- 2.0 GHz Intel Haswell processors across all nodes
- Infiniband FDR interconnect (56 Gbps)
- 97 TFLOPs Actual Performance (Rmax)
- 88 standard compute nodes (2464 total cores; 128 GB RAM per node)
- 28 mid-tier compute nodes (784 total cores; 512 GB RAM per node)
- 4 large memory nodes (112 total cores; 1.28 TB RAM per node)
- 5 GPU nodes with NVidia Tesla K80 GPUs
- 1 Xeon Phi nodes with 2 Knight’s Corner coprocessors
- 350 TB Scratch Space
WHAT MAKES GARDNER UNIQUE?
You have multiple options both on and off campus for high performance computing. Gardner stands out among them for several reasons:
A HIPAA-compliant environment appropriate for analyzing patient data
Five software stacks built using both open source and commercial compilers
Separate software stacks for basic science and clinical research
GPU versions of software commonly used in the life sciences
The ability to handle data-intensive pipelines that require up to 1.4TB of memory
HPC administrators who are experts in scientific computing to help you one-on-one with optimizing your jobs, installations, and more
Looking for assistance with using the cluster or migrating your Tarbell account to Gardner? Make an appointment during our twice-weekly office hours for help.
Every Tuesday and Thursday
Peck Pavilion, Medical Center N-161 (directions)
FREQUENTLY ASKED QUESTIONS
Q: What credentials do I need to use the Gardner cluster?
A: A BSD account or collaborator account is required to request access to CRI resources. Learn more about BSD accounts and passwords here.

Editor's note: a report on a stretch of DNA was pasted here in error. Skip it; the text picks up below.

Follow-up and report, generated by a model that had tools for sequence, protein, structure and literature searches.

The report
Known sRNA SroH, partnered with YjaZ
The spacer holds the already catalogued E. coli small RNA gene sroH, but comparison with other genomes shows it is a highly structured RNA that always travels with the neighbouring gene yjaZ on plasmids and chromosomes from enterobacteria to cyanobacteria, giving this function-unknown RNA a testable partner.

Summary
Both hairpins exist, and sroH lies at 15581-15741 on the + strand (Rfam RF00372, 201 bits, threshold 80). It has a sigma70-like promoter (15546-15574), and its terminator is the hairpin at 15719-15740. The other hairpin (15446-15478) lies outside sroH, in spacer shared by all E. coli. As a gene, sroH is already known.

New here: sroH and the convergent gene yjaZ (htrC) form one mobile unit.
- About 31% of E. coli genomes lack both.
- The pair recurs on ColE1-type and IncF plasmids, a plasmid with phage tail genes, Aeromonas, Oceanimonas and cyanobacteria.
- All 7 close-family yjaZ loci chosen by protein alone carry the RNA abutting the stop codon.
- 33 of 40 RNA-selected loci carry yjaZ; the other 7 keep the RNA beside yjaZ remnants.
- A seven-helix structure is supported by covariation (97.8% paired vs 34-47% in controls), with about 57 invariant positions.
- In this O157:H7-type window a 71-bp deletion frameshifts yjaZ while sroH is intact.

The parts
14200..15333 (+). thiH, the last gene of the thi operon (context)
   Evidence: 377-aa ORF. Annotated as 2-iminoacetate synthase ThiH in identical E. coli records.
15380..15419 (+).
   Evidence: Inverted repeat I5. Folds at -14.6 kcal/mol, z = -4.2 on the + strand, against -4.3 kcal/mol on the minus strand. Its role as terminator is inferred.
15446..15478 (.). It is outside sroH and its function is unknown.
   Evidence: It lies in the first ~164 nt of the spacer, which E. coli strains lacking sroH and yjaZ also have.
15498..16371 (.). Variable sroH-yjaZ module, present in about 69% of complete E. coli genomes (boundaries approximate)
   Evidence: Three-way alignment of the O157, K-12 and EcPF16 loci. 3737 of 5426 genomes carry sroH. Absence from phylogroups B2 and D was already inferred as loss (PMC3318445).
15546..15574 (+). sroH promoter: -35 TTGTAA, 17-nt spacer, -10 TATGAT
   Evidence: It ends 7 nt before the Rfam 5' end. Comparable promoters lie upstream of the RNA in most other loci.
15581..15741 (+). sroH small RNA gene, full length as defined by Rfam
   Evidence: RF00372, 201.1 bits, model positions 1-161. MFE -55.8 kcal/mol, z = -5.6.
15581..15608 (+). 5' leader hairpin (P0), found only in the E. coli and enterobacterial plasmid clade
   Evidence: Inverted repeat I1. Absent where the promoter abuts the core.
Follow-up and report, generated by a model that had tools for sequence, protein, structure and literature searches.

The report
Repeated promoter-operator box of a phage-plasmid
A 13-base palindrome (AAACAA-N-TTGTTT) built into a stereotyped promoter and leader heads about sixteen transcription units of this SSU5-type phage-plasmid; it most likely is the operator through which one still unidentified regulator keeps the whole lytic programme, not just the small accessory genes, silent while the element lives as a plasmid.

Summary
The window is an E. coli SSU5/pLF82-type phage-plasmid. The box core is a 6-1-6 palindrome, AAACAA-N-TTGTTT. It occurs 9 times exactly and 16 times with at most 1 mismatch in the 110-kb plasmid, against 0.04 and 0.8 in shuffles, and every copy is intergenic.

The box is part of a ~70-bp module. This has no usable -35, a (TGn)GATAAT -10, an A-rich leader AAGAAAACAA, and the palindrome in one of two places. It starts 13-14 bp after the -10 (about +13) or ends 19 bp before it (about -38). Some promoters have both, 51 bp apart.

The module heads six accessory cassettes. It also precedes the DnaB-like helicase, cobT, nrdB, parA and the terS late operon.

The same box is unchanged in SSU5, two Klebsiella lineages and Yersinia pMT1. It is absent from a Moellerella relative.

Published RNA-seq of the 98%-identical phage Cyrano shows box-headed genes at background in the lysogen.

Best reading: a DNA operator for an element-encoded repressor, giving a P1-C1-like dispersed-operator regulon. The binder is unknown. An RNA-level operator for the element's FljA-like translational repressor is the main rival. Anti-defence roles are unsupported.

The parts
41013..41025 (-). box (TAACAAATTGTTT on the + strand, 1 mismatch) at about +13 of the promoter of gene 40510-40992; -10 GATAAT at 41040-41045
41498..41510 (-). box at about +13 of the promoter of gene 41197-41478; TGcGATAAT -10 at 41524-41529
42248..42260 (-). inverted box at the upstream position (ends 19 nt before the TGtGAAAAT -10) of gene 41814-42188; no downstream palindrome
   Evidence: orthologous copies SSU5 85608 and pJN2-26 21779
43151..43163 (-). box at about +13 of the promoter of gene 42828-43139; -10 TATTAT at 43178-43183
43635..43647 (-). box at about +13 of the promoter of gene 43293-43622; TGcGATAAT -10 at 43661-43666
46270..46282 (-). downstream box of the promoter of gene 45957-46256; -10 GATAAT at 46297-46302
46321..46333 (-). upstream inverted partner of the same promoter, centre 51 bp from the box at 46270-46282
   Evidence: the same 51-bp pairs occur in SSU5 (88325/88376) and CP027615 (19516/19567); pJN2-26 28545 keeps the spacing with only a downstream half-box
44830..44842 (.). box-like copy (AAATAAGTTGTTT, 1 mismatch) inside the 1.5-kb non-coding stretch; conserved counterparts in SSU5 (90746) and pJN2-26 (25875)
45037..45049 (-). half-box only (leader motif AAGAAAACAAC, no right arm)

Q: What software is available for me to use on Gardner?
A: A current list of software installed on Gardner is available here.
Q: Are those working with basic science (non-human) data required to complete HIPAA training in order to use Gardner?
A: No, HIPAA training is not required for scientists working with basic science data.
Q: How can I get technical help with Gardner?
A: Submit a ticket here or email us.
Q: Why is your cluster named Gardner?
A: Martin Gardner, a University of Chicago graduate (SB 1936), was a popular mathematics and science author, magician, and puzzle enthusiast. His column “Mathematical Games” ran in Scientific American for 25 years. Our cluster’s name honors Gardner’s contributions to the field of computational biology and his lifelong work of making mathematics accessible and interesting for millions.
MEET OUR MANAGER OF SCIENTIFIC COMPUTING
Mike Jarsulic is a graduate of the University of Pittsburgh and has been with the CRI since September 2012. He previously worked at the Bettis Atomic Power Laboratory, where he was a scientific programmer focused on modernizing thermal/hydraulic design software before moving into HPC. Mike is well-versed in a variety of programming languages including Fortran, C/C++, Java, and Perl. His other interests in HPC include distributed memory programming, compiler optimizations, and long-term reproducibility of results.